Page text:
Ashland University instituted a hiring and non-essential spending freeze, effective November 26, according to a memorandum that was emailed to the campus community on December 5. The freeze will be in effect until the end of the university’s fiscal year, May 31, 2020.
The freeze is necessary because of a projected $1.6 million budget shortfall, according to the memo. That shortfall was caused by lower enrollment than the university planned for in its budgeting process.
“We recognize the difficult situation this creates and that some important initiatives and activities may be delayed or possibly canceled,” Ashland University President Carlos Campo wrote in the memo. “These actions are necessary to ensure the University’s financial stability.”
According to the memo, current hiring searches that are in process and new positions and replacement positions are subject to the freeze. Considerations of exemptions will be reviewed on a case-by-case basis.
A non-essential spending freeze also goes into effect. That means that all costs related to travel, professional development and training, and conferences are being suspended, with the exception of travel for student recruitment, athletic teams, and fundraising.
Additionally, equipment that doesn’t meet the definition of a capital outlay, supplies, office supplies, athletic equipment and supplies, and hospitality expenses will be held to essential needs. All other miscellaneous expenses have been immediately frozen.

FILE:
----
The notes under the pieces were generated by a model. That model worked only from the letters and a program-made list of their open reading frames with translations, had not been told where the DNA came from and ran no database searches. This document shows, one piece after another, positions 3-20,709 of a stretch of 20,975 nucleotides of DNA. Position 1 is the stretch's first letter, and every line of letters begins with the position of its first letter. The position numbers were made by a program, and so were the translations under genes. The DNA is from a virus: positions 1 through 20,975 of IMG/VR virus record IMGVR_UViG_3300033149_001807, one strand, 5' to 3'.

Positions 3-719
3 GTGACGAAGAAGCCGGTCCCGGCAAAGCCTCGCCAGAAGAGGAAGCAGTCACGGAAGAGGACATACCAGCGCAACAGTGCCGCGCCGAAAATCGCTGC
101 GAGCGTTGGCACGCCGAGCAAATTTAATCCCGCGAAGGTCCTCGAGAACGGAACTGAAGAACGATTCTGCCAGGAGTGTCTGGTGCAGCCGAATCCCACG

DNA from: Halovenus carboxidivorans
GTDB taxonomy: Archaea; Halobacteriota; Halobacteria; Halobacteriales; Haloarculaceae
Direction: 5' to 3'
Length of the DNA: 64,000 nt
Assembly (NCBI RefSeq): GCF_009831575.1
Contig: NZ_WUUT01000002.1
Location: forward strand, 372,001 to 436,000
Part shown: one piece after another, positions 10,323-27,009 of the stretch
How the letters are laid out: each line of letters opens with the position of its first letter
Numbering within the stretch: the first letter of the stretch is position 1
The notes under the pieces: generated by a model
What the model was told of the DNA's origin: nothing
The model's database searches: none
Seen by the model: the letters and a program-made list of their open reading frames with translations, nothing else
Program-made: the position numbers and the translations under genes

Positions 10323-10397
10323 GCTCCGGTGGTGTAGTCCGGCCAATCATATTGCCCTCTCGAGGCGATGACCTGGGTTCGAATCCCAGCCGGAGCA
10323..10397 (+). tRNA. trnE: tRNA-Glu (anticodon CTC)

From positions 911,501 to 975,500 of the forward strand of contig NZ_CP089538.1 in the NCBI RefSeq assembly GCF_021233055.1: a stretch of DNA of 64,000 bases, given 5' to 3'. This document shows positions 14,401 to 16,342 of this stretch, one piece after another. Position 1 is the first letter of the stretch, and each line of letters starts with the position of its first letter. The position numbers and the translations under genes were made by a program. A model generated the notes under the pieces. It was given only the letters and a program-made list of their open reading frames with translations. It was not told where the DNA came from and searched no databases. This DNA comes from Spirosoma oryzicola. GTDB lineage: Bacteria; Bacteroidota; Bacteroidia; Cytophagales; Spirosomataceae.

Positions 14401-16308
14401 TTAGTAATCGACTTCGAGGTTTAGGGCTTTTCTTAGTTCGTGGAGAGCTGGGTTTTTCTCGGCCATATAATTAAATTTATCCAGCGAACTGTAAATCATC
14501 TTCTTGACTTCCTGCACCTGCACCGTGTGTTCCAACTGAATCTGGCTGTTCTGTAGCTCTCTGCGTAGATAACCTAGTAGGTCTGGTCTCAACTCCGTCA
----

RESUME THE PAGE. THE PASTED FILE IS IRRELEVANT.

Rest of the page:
According to the AU’s Official Fall Census Enrollment report, which can be found on the university’s web site, there were 534 freshman enrolled in Fall 2019. That was down from 602 in 2018, an 11.3 percent drop.
This year’s freshman class is the smallest at AU since at least 2008, when there were 581 freshmen. This is according to a retention and graduation rate document that is on the university’s website. The document only goes back to 2008, so it’s possible the freshman class has not been this small for a longer period of time.
According to the Fall Census Enrollment report, traditional undergraduate enrollment is down at the university. In the Fall 2016 semester, when Campo took over as president, there were 2,426 traditional undergraduate students enrolled. That number is down to 2,259, a 6.9 percent drop.
Graduate enrollment is also down at AU since 2016, when there were 2,043 students enrolled in all graduate programs, including licensures and endorsements (for teachers) and the seminary. This year, that number has dropped to 1,810, an 11.4 percent decrease. Excluding the seminary and licensures and endorsements, the number of graduate students dropped by 109 from 2018 to this year, an 8.6 percent drop. The number of full-time graduate students dropped by 13 percent in the same timeframe (786 in 2018 to 683 in 2019).
Since 2016, the only growth in student enrollment has come in College Credit Plus students and the university’s prison outreach program. College Credit Plus students has grown from 133 in 2016 to 288 in 2019. The number of prison students has increased by 83 percent, jumping from 1,351 to 2,470.
In September, The Collegian reported that various departments and programs had their budgets cut because of the decreased enrollment. At the time, some of those cuts came in athletics, the prison outreach program, online studies, and the Master of Business Administration.